Three Tibetans self-immolate
Three Tibetans have died after setting themselves on fire to protest Beijing’s rule in Aba Prefecture, Sichuan Province, exiled Buddhist monks and reports said yesterday. Two of the three were monks at a monastery in Ruoergai County, according to the exiled monks and the Free Tibet group. The two monks, aged 20 and 23, set themselves on fire in a corner of an assembly hall of the Taktsang Lhamo Kirti monastery, the reports said. US broadcaster Radio Free Asia reported that a 23-year-old Tibetan woman in Rangtang County died after self-immolating on Wednesday.
Man sells baby on Facebook
Police in Ludhiana, Punjab state, said on Wednesday they had arrested a 47-year-old man for selling his newborn grandson to a businessman in a deal that was struck on Facebook. Feroz Khan allegedly kidnapped his grandson shortly after he was born this month. He sought help from two temporary employees at the hospital where his daughter gave birth, who contacted the buyer on Facebook and arranged the deal for 45,000 rupees (US$830). Police have rescued the baby and returned him to his mother, Noori Khan, a divorcee, who had lodged the complaint against her father.
Burglar’s arms cut off
A suspected burglar who crept into a village home to steal was caught red-handed and had both arms severed at the elbow by his would-be victims, police said on Wednesday. Muhammad Tufail, 34, entered a house in Chak Nangar village near the town of Dera Ghazi Khan, local police official Muhammad Ayub said. “The four male family members present in the house severed both Tufail’s arms at the elbow,” Ayub said. Police have arrested two of the accused and the two others have fled, he said. Tufail was taken to a hospital and is in a stable condition, Ayub said.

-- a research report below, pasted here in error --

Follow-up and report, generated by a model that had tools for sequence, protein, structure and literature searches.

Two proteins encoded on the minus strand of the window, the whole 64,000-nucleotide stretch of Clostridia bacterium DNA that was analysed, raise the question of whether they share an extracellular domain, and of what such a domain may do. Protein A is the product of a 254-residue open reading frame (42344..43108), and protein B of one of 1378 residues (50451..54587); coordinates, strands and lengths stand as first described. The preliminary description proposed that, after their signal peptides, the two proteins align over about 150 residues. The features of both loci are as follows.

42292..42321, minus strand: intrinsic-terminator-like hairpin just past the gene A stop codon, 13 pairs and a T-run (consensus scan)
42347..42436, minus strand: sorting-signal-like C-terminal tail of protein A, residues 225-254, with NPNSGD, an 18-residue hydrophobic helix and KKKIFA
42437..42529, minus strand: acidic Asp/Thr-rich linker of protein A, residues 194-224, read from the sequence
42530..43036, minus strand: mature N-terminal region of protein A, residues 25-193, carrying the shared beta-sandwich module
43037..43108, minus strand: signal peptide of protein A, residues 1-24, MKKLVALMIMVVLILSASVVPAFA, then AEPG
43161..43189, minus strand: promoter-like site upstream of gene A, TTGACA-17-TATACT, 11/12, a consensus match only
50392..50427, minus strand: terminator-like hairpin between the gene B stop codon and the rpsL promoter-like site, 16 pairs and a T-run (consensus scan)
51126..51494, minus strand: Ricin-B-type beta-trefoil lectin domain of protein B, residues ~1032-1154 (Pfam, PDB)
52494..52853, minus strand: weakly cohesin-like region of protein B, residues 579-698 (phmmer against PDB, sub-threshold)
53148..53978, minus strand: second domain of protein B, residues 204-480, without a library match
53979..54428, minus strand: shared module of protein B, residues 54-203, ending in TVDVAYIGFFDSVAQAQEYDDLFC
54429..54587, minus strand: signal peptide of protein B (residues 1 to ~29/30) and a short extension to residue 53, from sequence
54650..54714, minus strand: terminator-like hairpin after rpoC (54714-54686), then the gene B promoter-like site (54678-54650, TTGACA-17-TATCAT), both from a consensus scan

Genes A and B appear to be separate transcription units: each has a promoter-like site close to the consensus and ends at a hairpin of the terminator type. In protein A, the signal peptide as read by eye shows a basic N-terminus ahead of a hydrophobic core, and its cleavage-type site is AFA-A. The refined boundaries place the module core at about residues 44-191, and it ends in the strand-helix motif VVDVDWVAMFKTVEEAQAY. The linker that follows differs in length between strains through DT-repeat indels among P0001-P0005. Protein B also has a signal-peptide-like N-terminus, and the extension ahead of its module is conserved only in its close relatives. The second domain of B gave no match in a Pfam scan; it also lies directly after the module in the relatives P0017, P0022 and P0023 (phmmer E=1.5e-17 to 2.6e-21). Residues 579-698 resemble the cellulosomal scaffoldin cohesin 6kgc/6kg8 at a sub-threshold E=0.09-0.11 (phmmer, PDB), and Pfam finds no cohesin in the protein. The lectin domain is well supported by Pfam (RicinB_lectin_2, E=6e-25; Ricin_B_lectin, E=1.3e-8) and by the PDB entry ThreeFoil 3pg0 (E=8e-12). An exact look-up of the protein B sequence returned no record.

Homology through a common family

Cartoonist Leslie Chew, 37, has been arrested for alleged sedition over a satirical comic strip on his Facebook page that appeared to accuse the government of racism, his lawyer said on Wednesday. Chew was released on bail following his arrest on Friday, two days after a complaint was filed about his cartoon strip that lampooned the government for being “racist” toward Malays, lawyer Choo Zheng Xi said. The strip was posted on Chew’s “Demon-cratic Singapore” Facebook page on March 27. “He was released on S$10,000 [US$8,060] bail on Sunday night, and is currently being investigated under the Sedition Act,” Choo said. If convicted, Chew faces a jail term of up to three years or a fine of up to S$5,000 or both.
Shamshad Begum dies
Legendary singer Shamshad Begum died at age 94 on Tuesday in Mumbai. She had been unwell for some time, her daughter Usha Ratra told the Press Trust of India news agency on Wednesday. Begum’s funeral, held early on Wednesday, was attended by close family members and a few friends, Ratra said. She began her singing career on radio in 1947, and became one of the movie industry’s first playback singers, with several well-known actresses of her time lip-syncing to her songs. Her songs from the 1950s to the early 1970s are still popular and continue to be remixed by music directors today.
Two charged over Kate pics